Accessibility statement

Writing in the Marketplace - ENG00080H

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  • Department: English and Related Literature
  • Module co-ordinator: Dr. Janine Bradbury
  • Credit value: 20 credits
  • Credit level: H
  • Academic year of delivery: 2023-24

Module summary

On this module, we'll examine the production and consumption of literature in the global marketplace, exploring the ever-changing ways contemporary writing is being made, packaged, sold, and valued.

The module combines a critical approach to key issues in contemporary publishing with practical experience organising literary events and producing the department's new literary magazine, with all of the editing, design, and marketing roles these involve. Following the life-cycle of literary products within the contemporary marketplace, we will consider the changing roles of the publisher, author, and book, in relation to emerging technologies, categories and means of circulation, and the function of critics and reader-consumers. Seminars will respond to critical and creative texts that engage with the market conditions discussed, raising key questions about attitudes toward book commerce and the relationship between the UK’s literary economy and wider economic forces. Weekly topics might include: Networks, Production, Anthologies, Prizes, and Politics.

These discussions will be supplemented by the group’s running and editing of the department’s flagship literary magazine, offering those who might be interested in careers in publishing or the creative industries a practical sense of those fields and skills involved.

Professional requirements


Module will run

Occurrence Teaching period
A Semester 2 2023-24

Module aims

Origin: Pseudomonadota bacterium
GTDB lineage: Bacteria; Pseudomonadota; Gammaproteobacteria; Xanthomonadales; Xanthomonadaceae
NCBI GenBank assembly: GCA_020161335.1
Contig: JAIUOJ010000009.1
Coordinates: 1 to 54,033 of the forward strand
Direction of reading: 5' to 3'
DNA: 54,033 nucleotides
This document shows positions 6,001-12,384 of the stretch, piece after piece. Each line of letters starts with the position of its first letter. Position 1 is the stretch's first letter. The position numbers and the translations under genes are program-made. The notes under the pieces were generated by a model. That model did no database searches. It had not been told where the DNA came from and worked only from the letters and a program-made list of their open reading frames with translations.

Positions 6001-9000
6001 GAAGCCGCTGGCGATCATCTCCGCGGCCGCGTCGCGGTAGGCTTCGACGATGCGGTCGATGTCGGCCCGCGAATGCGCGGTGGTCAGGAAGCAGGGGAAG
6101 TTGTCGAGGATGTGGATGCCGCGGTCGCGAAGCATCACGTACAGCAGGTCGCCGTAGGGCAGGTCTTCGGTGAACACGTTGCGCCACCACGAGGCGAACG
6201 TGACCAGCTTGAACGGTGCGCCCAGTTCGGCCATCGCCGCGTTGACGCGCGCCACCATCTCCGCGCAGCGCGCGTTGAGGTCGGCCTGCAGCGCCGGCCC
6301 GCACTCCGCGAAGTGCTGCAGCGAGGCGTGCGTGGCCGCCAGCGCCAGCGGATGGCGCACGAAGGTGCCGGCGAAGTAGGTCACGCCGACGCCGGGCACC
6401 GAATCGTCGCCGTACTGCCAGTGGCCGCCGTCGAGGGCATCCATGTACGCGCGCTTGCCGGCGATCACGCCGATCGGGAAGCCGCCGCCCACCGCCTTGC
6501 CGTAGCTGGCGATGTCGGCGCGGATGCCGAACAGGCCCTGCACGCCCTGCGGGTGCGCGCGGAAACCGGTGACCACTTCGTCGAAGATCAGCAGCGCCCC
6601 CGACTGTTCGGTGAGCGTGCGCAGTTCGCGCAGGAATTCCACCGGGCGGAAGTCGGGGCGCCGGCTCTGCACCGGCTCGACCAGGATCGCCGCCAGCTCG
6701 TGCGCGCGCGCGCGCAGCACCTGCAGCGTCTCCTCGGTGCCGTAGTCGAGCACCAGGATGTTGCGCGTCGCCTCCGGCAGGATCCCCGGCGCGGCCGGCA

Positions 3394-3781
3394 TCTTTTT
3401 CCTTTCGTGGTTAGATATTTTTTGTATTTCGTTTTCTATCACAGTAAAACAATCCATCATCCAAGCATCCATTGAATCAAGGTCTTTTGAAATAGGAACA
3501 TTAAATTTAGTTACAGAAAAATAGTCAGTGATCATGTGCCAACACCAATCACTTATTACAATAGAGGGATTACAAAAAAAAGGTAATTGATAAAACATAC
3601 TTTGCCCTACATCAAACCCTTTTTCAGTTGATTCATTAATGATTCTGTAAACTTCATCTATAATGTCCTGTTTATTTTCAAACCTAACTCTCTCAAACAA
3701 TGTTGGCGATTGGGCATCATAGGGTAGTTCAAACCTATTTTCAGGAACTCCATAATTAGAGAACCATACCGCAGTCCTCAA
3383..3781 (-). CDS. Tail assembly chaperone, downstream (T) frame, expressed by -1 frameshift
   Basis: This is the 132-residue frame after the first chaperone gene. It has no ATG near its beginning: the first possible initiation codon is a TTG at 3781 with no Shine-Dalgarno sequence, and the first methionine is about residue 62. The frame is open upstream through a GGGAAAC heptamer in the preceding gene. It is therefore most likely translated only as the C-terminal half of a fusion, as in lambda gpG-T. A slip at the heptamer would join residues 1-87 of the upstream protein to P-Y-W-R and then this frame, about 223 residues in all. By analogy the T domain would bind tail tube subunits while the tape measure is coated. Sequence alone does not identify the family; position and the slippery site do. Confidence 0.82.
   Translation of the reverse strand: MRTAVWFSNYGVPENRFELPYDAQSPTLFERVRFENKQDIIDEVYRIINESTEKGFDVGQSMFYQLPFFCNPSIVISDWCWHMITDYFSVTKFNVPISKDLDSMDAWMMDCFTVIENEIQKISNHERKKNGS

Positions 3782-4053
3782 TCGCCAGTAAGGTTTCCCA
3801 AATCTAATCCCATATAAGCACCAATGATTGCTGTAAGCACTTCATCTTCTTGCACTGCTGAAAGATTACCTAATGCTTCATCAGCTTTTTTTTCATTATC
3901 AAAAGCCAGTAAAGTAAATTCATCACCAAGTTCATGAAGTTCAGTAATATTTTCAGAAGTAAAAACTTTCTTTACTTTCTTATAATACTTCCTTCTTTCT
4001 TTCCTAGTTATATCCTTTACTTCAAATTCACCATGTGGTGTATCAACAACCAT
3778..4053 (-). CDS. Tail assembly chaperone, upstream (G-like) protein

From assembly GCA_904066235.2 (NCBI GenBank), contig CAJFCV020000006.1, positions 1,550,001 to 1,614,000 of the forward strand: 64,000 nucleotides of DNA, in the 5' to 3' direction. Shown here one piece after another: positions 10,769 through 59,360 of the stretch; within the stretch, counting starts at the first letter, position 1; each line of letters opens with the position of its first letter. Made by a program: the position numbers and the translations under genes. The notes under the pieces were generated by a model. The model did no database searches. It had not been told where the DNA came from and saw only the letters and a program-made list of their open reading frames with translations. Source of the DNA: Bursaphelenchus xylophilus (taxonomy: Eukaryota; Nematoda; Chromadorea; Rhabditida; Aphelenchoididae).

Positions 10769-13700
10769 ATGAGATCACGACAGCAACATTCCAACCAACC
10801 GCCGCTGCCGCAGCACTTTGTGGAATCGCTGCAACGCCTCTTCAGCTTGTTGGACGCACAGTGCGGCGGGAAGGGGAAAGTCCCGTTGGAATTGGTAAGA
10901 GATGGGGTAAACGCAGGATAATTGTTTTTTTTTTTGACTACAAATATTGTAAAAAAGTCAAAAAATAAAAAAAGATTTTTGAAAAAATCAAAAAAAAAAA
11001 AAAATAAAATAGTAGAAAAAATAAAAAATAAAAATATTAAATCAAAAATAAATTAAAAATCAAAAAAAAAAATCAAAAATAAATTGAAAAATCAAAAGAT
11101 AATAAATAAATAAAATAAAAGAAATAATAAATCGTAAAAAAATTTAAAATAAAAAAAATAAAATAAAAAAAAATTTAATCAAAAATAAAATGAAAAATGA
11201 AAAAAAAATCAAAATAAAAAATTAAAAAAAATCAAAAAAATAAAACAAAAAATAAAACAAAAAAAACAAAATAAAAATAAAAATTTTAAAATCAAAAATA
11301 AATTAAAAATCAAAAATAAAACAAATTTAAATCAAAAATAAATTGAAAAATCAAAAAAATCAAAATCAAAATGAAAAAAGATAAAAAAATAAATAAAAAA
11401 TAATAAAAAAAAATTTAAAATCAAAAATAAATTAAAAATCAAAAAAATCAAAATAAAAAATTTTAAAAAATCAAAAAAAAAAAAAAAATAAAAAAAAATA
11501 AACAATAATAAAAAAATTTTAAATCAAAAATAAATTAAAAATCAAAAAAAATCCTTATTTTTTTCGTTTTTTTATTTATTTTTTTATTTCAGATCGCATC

The aim of this module is to explore key issues in the contemporary literary marketplace, in order to develop a critical understanding of literature to the business of modern literary production and professional roles within that marketplace.

Module learning outcomes

On successfully completing this module, you will be able to:

  1. Demonstrate an advanced understanding of and engagement with modern book production;

  2. Demonstrate an advanced understanding of and engagement with historical and economic contexts shaping the literary market;

  3. Evaluate key debates and critical approaches to the literary industry;

  4. Produce independent arguments and ideas which demonstrate an advanced proficiency in critical thinking, research, and writing skills.


Task Length % of module mark
Portfolio: Including essay and magazine contributions.
N/A 100

Special assessment rules


Additional assessment information

The portfolio assessment will typically include:

  • Two 500-word contributions to the online literary magazine, which might include articles, reviews, or other published content.
  • 2000-word essay on a current issue in the literary marketplace, based on module reading and discussion.

Both of these will be based on formative writing activities, peer and tutor feedback, and seminar discussion.


Task Length % of module mark
Portfolio: Including essay and magazine contributions.
N/A 100

Module feedback

Formative peer and tutor feedback will be provided before submission of the magazine contributions, and summative feedback will be provided electronically following submission.

You will submit your summative essay via the VLE during the revision and assessment weeks at the end of the teaching semester (weeks 13-15). Feedback on your summative essay will be uploaded to e:Vision to meet the University’s marking deadlines.

Indicative reading

Texts may include:

  • John Thompson, Merchants of Culture: The Publishing Business in the Twenty-First Century (Polity, 2012 ed.).
  • Sarah Broulliette, Literature and the Creative Economy (Stanford UP, 2014)
  • Ben Lerner, 10:04 (Faber, 2014).
  • Helen Fielding, Bridget Jones’s Diary (Picador, 1996).

The information on this page is indicative of the module that is currently on offer. The University is constantly exploring ways to enhance and improve its degree programmes and therefore reserves the right to make variations to the content and method of delivery of modules, and to discontinue modules, if such action is reasonably considered to be necessary by the University. Where appropriate, the University will notify and consult with affected students in advance about any changes that are required in line with the University's policy on the Approval of Modifications to Existing Taught Programmes of Study.